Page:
Particularly in drug crimes, prosecutors routinely use extreme penalties to win plea bargains. There is also a penalty for going to trial: people pleading guilty get much lower sentances on average than those found guilty at trial.
One could argue that there's a no need to have a court system. If a cop pulls you over for a traffic violation, you're guilty.
For many traffic violations, this is indeed the case. I know in Georgia the only defense against a radar clocked speeding ticket is one of three questions: Was the officer properly trained? Was the instrument properly calibrated? Was his location proper (not too close to a curve or on too steep of an incline)?
That's it. The court is not supposed to consider any other defenses. "I didn't do it." is not an admissible defense. "I have a video tape showing that I didn't do it" is also not an admissible defense. Or at least it wasn't the last time I interacted with the georgia traffic court system.
That's exactly the kind of people I am talking about. Just loads of talent, even if it isn't being used properly. Someone who is very skilled in a certain area is impressive in their own right. Like a John Paxon firing in jump shots. If you were a basketball player you could see yourself doing that with enough hard work in practice over enough time. Then you see Jordan take off from the free throw line. And you know instantly that you are never going to be able to do that no matter how hard you work.
(to the argument about entering a field and doing good work whatever your talent: there are a lot of guys out there with the athleticism to take off from the free throw line and throw it down. There are still very few people mentioned in the same conversation with Jordan. Talent isn't everything. )
Yeah, I have seen all of that. But when I say "speak" math, I don't mean "speak knowledgeably about math". I mean "speak it like a native speaker speaking in his own language". When I was a student I was a musician as well. I played in a couple of working bands and had a few solo gigs. I received several full ride offers to college. But it was because I worked my ass off. I was only modestly talented. When I started meeting people who were really destined to be musicians, the difference was trivial to spot. Where I was feverishly doing math in my head and transposing like a madman, they could do all of that deep in the background. When they played music, they were simply expressing ideas. Those thoughts came out through their hands as easily as you form your thoughts into words. It was both humbling and frustrating.
If you meet real math people, they are the same way. They have an intuitive understanding of the language of math that allows them to explore the world of physics and mathematics the way that you might explore the mall. A lot of it is practice - the hours of hard work that go in to reaching a certain level. But there is something more in a small percentage of people who are particularly gifted for the topic. Their ability to speak math as easily as you speak english allows them to explore their ideas much more rapidly and in a different way than I would. While I am busy translating from english to math and back again, they speak math in the native language. If you ever work with them, you'll know. There is no way to fake your way through it.... any more than Michael Jordan could fake his 44" vertical or Charlie Parker could fake his improv skills. If you are knowledgeable in the field it only takes a few moments to spot a virtuoso.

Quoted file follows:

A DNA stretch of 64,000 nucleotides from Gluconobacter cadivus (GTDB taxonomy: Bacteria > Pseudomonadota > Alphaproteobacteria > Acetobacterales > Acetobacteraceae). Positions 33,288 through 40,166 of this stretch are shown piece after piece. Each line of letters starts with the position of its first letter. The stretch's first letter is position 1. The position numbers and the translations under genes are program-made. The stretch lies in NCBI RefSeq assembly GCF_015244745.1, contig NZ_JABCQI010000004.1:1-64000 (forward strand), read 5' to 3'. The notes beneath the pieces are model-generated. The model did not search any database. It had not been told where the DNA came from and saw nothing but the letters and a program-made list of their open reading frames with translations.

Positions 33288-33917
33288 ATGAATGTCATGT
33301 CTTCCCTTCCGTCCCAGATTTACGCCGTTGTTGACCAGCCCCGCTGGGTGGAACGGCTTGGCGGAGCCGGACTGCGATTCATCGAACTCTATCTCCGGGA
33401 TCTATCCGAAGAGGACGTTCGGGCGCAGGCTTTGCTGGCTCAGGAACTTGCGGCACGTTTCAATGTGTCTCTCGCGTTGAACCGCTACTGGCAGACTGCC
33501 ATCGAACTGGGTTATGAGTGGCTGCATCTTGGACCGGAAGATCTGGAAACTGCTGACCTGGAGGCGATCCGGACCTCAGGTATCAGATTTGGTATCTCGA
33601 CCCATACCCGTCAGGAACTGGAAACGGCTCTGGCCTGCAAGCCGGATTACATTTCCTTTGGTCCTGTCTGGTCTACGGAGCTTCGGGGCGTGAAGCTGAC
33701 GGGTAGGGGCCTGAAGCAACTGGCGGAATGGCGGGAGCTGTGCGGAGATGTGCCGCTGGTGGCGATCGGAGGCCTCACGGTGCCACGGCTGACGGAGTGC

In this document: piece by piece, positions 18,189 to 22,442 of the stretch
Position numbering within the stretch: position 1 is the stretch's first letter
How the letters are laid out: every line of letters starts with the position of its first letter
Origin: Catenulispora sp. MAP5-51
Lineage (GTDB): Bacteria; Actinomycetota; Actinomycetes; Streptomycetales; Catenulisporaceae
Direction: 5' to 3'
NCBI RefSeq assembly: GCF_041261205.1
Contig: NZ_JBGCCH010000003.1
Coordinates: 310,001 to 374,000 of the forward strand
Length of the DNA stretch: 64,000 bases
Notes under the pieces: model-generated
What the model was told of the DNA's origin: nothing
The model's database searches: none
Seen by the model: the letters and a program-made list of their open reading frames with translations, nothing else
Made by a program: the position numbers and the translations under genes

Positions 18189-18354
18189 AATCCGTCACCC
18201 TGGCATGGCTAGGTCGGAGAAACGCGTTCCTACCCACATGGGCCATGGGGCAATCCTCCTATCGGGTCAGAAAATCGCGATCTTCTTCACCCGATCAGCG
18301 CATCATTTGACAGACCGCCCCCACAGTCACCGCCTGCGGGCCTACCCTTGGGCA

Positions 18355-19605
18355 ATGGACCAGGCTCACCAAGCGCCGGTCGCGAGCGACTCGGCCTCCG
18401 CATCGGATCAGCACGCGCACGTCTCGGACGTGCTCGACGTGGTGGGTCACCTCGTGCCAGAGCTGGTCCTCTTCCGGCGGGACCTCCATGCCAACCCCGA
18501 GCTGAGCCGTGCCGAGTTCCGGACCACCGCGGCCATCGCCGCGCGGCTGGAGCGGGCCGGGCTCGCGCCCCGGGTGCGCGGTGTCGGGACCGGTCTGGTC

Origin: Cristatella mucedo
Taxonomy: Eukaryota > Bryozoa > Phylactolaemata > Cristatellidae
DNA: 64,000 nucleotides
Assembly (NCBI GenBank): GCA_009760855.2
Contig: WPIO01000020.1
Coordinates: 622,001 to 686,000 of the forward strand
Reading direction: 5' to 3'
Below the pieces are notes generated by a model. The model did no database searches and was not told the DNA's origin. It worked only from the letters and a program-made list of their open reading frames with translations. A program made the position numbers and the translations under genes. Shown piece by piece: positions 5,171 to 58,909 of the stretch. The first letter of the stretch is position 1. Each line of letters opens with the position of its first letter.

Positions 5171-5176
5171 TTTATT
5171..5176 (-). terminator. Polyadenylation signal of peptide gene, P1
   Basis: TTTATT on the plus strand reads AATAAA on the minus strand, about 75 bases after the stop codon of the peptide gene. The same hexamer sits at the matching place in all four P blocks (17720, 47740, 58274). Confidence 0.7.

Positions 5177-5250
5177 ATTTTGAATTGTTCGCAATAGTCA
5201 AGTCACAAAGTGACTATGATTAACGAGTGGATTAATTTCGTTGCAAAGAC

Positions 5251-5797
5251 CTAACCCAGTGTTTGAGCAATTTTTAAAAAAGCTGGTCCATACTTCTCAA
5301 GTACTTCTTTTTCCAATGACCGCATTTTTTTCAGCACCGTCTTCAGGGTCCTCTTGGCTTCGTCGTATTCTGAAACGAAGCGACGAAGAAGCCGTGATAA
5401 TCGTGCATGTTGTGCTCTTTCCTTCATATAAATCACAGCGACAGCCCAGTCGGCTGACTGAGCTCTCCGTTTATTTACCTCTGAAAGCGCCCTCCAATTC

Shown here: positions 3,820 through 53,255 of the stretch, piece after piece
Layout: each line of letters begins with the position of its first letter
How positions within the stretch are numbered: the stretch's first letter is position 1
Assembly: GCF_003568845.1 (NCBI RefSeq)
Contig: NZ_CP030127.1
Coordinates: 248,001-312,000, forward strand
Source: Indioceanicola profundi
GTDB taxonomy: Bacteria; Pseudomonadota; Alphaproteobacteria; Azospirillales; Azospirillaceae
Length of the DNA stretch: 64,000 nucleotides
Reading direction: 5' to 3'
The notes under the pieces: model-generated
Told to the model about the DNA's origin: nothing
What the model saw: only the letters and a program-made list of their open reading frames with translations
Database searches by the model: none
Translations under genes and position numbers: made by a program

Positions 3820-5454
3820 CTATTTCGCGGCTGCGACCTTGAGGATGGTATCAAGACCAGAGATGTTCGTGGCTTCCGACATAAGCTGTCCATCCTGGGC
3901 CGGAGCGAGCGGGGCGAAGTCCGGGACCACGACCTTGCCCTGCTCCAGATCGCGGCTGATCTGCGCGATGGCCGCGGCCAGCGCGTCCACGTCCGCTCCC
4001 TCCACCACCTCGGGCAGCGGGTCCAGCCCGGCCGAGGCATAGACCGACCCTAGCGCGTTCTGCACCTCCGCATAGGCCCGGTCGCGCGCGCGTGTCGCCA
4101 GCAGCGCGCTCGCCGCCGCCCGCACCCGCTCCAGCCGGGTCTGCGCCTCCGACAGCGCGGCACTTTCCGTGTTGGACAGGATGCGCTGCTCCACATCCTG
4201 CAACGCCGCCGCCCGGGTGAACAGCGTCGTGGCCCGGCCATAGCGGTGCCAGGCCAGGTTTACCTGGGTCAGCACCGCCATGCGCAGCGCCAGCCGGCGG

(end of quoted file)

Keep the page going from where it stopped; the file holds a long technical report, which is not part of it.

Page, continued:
But you could be right about the kind of people who don't care about such things. Many people reach success because they ignore obstacles, perhaps they are even blind to them. People like Donald Trump come to mind.
I don't know about women, but it certainly kept me out of theoretical physics. It also delayed my entry into the computer industry by about a decade.
As a student I loved cosmology and particle physics. Then I met the guys who were working on their PhD's. I was good at doing math. They spoke math. It was clear that they were in a different category from me, and even though I might be able to do it with hard work, I would never be one of them. At the time you had to be a math major to get a degree with a concentration in computer science. Again, I met folks who were real math majors. They also spoke math as easily as John Coltrane spoke music. I knew I could never compete in their world. So I didn't.
As it turns out, my friends in comp sci were right to encourage me to join them. Just because I was never going to be the next Alan Turing doesn't mean I couldn't have been doing good work.
Anyway, there is definitely something to the notion that certain fields appear to require a certain type of brilliance. Music. Athletics. Field theory. Topology... Fields like these all appear to require special gifts. LeBron James and Tiger Woods have abilities that 99% of us just don't have. The same goes for Eddie Vedder and John Lennon. Or Alan Guth. But that doesn't mean that you can't participate in athletics if you aren't Michael Jordan. There are gym coaches and trainers all over the place making a living in athletics. There used to be music teachers at all the elementary schools. And there are loads of people working in applied mathematics crunching numbers for companies and governments for various purposes, doing perfectly good work in a field they love without being a 1% talent.
But I certainly didn't believe that when I was 19 and trying to decide where to dedicate my life's work. So I agree with that part of the premise. What in the world that has to do with gender, I don't know.